It wasn’t immediately clear if the state could force Blessing to comply. A message left with the Missouri Attorney General’s office was not immediately returned, but legal experts are dubious that religious freedom arguments will protect public officials.

No gay couples have requested a marriage license in the county that’s near the Iowa border, but Stuckenschneider said there is a couple there waiting for clarity on how to proceed. The couple declined an interview request.

In southeast Missouri, Pemiscot County Recorder of Deeds Pam Strawbridge said she will reluctantly issue licenses, “if I have to.”

“It’s just my religious beliefs. I don’t think it’s right, but I will follow the law,” she said.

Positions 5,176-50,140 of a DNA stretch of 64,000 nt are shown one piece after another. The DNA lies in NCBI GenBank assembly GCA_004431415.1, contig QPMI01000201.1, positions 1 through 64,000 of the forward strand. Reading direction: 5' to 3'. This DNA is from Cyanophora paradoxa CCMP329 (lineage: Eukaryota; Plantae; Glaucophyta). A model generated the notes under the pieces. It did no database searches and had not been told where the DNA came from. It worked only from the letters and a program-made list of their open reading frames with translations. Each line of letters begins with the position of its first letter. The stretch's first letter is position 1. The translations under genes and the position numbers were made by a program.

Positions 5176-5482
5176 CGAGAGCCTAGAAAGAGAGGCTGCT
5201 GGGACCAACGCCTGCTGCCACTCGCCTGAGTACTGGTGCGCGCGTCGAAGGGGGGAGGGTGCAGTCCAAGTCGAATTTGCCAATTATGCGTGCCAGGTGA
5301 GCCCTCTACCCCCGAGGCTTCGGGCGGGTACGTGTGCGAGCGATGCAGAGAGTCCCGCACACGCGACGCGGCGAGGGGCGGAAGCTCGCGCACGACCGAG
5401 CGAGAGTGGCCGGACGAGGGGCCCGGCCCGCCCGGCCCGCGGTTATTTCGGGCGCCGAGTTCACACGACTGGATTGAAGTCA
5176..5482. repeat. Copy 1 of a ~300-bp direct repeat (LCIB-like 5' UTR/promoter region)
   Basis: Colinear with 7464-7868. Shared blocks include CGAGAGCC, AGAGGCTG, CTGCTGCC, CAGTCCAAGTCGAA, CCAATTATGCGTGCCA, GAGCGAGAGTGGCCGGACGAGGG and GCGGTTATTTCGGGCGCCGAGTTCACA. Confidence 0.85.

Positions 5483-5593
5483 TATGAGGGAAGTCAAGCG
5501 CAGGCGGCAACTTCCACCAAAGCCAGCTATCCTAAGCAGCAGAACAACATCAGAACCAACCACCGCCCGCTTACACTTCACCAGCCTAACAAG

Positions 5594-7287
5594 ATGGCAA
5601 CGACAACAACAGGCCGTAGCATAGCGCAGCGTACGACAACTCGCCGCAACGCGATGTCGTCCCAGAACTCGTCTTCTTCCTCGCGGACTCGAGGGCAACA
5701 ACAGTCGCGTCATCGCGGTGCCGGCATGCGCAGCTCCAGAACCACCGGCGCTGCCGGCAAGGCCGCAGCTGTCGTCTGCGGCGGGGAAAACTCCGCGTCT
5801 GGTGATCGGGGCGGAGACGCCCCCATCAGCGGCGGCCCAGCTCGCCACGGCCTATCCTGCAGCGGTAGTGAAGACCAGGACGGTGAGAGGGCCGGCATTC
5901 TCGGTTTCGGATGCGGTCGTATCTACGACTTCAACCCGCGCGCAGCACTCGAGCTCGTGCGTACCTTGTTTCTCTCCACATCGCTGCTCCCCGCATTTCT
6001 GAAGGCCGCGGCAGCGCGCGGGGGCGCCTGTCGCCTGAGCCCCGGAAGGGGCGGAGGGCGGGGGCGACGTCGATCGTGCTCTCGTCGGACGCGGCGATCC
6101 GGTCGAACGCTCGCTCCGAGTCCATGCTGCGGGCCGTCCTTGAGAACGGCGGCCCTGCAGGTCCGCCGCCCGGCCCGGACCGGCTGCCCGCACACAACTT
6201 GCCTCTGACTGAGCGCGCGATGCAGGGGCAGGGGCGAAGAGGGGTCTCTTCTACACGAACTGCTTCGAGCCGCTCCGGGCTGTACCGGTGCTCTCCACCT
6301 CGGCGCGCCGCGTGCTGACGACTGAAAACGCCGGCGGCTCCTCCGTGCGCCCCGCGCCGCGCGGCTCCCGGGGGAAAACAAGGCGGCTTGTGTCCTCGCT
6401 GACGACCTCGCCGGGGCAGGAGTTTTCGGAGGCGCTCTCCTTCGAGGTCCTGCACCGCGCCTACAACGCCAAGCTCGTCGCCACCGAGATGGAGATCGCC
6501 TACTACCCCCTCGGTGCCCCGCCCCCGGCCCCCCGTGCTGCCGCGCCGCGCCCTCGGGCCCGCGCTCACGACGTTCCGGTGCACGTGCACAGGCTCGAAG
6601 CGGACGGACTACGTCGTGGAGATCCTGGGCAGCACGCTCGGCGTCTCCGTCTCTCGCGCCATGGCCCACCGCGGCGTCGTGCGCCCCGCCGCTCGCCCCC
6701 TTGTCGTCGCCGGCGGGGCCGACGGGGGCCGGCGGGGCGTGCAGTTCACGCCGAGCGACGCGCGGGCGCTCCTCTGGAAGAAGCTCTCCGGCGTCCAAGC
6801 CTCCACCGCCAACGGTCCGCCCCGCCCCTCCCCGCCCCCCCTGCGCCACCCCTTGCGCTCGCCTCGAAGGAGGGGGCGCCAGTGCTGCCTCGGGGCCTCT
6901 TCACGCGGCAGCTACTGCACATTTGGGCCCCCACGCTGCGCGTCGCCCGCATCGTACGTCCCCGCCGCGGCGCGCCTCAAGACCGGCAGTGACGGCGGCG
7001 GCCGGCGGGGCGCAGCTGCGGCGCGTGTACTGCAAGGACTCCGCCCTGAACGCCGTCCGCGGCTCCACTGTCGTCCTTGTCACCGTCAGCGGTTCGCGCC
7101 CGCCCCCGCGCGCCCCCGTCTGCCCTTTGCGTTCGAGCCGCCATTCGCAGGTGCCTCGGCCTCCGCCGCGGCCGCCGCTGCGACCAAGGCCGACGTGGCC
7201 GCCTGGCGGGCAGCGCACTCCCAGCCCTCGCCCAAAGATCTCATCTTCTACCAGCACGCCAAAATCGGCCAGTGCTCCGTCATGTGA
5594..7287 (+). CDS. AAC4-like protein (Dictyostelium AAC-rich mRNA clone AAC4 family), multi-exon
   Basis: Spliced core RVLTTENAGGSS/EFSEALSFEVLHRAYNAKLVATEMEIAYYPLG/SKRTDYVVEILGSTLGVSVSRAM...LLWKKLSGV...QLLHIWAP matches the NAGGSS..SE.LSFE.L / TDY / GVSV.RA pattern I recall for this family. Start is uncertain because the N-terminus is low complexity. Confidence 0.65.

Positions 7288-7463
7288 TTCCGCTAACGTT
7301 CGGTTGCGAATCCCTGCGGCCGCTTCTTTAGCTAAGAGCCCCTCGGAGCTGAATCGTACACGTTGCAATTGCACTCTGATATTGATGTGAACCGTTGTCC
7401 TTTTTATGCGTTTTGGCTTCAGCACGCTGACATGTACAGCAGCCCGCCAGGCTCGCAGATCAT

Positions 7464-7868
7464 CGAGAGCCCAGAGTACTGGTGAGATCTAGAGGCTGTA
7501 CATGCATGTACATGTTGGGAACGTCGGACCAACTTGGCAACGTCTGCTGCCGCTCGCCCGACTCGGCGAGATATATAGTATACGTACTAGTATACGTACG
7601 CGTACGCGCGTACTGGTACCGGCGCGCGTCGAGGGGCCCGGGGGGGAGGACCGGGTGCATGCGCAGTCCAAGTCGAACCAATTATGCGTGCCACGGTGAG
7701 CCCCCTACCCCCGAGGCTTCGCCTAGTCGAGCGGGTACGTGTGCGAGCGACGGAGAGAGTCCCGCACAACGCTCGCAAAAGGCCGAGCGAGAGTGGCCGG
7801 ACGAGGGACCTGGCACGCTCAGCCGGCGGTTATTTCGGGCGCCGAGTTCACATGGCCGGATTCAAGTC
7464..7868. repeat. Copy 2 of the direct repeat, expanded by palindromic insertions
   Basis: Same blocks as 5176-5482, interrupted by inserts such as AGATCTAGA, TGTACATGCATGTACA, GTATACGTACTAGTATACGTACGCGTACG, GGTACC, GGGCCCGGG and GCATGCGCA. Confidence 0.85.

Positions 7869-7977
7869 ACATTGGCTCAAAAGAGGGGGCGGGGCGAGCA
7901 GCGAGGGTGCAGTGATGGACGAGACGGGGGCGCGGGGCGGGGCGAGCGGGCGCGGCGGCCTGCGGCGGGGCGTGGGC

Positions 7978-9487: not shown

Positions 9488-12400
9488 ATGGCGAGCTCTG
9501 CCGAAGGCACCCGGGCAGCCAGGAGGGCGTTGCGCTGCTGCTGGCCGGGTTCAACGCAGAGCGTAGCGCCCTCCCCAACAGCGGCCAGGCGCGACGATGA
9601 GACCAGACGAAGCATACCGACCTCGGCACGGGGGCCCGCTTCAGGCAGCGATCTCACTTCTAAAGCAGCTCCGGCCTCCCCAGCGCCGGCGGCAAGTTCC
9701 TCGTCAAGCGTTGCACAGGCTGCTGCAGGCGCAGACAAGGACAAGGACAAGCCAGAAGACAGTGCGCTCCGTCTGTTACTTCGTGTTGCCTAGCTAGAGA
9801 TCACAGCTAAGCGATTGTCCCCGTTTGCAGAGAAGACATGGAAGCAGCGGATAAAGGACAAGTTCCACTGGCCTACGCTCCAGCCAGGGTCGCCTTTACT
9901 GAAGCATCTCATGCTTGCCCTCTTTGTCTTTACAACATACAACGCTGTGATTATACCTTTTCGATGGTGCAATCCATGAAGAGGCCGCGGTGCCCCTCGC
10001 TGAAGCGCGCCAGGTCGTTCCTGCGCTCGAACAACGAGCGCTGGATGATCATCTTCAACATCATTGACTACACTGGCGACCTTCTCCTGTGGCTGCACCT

Oregon County Recorder Dawn Holman initially held out because the licenses on hand still include language prohibiting same-sex marriage. With no money in the budget for new licenses, her office in southwest Missouri is volunteering to cross out that wording with a pen if the couple requests.

“We will just have to use what we have,” she said.

The same issue has forced Vernon County to upgrade its software to print new licenses, Recorder of Deeds Doug Shupe said. He expects the county to start issuing licenses by the end of the week.

“I’m not refusing,” Shupe said. “We’re trying to make it right for them.”

(ShutterStock)

(ShutterStock)

(Little Rock) (AP) – At least two Arkansas counties have not issued same-sex marriage licenses as clerks with religious objections struggle to comply with state and federal orders.